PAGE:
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    Author(s): Matthew J. Bunkers; L. Ronald Johnson; James R. MillerCarolyn Hull Sieg
    Date: 1999
    Source: Proceedings of the South Dakota Academy of Science. 78: 149-162.
    Publication Series: Paper (invited, offered, keynote)
    Station: Rocky Mountain Research Station
    PDF: View PDF  (310.75 KB)


    A single ponderosa pine tree found in the central Black Hills of SouthDakota revealed its age of more than 700 years by its tree rings taken from coring in 1992. The purpose of this study was to examine historic climatic patterns from the 13th century through most of the 20th century as inferred from ring widths of this and other nearby trees. The steep, rocky site where this tree was found helped this tree and its cohorts survive fires and other damaging agents.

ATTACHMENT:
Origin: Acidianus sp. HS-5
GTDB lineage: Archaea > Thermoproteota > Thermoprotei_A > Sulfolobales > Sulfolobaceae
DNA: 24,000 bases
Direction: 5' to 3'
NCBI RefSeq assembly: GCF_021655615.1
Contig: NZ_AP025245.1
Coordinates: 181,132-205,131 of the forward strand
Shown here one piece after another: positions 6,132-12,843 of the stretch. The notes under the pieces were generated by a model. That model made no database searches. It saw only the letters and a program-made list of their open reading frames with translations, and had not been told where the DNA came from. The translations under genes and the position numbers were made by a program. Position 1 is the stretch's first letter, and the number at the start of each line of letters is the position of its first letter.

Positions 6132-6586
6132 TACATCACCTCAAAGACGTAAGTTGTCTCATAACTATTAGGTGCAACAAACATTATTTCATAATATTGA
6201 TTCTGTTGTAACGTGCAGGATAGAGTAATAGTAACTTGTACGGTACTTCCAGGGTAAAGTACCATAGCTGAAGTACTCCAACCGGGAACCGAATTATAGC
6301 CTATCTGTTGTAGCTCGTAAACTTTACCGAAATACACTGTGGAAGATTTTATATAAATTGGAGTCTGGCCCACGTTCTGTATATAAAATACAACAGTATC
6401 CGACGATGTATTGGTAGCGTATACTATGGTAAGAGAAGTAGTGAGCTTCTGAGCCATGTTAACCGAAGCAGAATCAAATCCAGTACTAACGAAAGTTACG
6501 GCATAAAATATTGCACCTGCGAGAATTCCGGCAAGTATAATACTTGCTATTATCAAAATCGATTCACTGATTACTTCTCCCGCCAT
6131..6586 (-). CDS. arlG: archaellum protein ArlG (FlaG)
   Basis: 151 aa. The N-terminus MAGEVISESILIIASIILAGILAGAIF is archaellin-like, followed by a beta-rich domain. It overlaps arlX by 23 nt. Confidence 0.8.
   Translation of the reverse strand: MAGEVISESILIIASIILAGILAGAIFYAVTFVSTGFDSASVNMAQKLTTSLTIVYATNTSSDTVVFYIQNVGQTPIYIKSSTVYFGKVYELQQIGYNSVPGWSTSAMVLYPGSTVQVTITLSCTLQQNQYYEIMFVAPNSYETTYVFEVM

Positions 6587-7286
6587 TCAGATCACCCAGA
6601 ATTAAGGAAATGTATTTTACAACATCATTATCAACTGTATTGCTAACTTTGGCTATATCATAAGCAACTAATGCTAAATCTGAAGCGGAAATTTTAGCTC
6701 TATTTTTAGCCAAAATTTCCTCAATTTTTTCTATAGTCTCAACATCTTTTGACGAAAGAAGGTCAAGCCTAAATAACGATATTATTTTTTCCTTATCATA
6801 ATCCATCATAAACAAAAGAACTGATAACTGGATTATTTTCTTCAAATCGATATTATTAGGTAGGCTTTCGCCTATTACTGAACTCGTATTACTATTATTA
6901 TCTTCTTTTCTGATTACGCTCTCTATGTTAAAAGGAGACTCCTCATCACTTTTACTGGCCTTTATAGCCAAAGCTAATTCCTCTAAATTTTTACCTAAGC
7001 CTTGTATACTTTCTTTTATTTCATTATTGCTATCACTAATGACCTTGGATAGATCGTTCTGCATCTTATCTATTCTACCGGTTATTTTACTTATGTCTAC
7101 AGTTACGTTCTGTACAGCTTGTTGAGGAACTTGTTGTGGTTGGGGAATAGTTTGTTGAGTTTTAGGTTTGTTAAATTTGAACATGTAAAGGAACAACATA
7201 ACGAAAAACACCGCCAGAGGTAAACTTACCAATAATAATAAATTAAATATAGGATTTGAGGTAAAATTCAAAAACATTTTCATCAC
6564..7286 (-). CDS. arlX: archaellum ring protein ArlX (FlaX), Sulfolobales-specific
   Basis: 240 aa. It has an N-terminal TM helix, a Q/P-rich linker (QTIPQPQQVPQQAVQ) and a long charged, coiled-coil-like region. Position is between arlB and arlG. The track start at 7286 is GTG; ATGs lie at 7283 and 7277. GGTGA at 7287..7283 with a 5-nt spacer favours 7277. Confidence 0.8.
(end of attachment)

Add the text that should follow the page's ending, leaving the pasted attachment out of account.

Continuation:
Our analysis indicated that both dry and wet spells of longer duration andmagnitude than the 1930’s drought have occurred previously. For example,since 1600, the 1930’s “dust bowl” drought ranks 4th in severity. Further, if additional evidence supports the single tree record, the 1930’s drought may be of even less significance.

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    Bunkers, Matthew J.; Johnson, L. Ronald; Miller, James R.; Sieg, Carolyn Hull. 1999. Old Black Hills ponderosa pines tell a story. Proceedings of the South Dakota Academy of Science. 78: 149-162.


    Pinus ponderosa, dendrochronology, dendroclimatology, climate change, drought, precipitation, historical records, Black Hills, South Dakota

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